— Well, both.

— Actually, every time I drive by this place I wonder what the hell is going on inside, because it’s very hard to parcel out.

— And too many chimneys?

— Oh, they’re not chimneys. They’re plumbing and heating vents.

— Well, this isn’t a submarine. They don’t have to be that tall.

— Well, they may have to be according to code; I’m not sure. It’s a very shallow roof, so you may not be able to see them from the sidewalk, although that’s where this photo was taken from. It’s another example of a very poorly or very unconsidered design.

— How long before a transport truck drives right into it?

— Honestly? Probably after somebody jumps off the balcony. Can’t believe I just said that.

— This one’s the worst one yet for making you feel unimportant for being poor. Really. Or shabby.

— How about making you feel punished for being poor? Although there really is not even enough thought in this building to communicate even that intention. What about accessibility? I don’t see any ramps, but did you?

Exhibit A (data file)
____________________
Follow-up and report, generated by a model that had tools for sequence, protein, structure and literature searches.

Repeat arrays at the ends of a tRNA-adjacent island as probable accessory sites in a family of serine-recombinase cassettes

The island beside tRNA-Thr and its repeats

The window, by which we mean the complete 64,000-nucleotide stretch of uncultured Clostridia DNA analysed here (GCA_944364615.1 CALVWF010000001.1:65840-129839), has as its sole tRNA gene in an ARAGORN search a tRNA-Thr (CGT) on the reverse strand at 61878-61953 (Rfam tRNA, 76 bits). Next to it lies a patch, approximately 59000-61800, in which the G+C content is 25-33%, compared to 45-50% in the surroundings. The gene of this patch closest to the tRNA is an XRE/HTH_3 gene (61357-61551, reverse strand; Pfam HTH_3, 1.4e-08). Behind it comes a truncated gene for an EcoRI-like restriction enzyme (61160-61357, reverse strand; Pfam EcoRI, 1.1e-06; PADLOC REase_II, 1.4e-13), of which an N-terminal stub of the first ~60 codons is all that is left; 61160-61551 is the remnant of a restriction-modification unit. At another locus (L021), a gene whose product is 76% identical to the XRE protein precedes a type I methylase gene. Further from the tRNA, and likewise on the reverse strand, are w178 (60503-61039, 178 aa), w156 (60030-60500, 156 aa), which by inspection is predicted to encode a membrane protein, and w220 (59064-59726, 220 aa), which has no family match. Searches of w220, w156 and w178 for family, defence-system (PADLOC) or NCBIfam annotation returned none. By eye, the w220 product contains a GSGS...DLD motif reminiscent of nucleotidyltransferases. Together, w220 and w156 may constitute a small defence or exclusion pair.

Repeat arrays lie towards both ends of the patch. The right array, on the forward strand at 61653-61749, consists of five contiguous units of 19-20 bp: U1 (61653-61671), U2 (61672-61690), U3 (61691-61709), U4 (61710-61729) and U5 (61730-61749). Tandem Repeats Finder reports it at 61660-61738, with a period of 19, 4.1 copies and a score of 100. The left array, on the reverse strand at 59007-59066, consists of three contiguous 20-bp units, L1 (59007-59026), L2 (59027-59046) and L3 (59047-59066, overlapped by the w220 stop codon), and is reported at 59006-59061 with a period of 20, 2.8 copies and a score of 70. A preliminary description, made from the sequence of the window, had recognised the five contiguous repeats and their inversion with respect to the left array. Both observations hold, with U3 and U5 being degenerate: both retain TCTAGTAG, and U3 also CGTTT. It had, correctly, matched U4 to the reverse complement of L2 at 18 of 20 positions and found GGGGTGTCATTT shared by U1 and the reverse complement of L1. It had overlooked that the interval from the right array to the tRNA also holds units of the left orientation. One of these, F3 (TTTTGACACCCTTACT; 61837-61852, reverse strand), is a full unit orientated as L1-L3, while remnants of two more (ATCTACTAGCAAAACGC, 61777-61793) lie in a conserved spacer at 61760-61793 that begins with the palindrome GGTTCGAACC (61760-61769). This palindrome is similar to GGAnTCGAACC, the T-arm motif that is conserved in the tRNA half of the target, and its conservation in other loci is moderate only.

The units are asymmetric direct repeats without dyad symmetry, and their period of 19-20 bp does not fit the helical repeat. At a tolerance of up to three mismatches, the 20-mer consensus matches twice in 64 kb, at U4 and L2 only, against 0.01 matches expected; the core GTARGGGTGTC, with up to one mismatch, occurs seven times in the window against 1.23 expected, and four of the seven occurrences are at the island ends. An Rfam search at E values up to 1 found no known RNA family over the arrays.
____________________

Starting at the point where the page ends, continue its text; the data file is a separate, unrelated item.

— No, they blew that completely.

— And is this a building for a “special group”?

— Not that I can tell. Although this is the first building whose owners I didn’t try to contact. I suppose it’s a bit pointless now. Though I would like to know who the hell the architect was. Maybe I’ll write them a letter. They’ll probably lose their shit when they read this.

— I dunno.

— Maybe they need to lose their shit.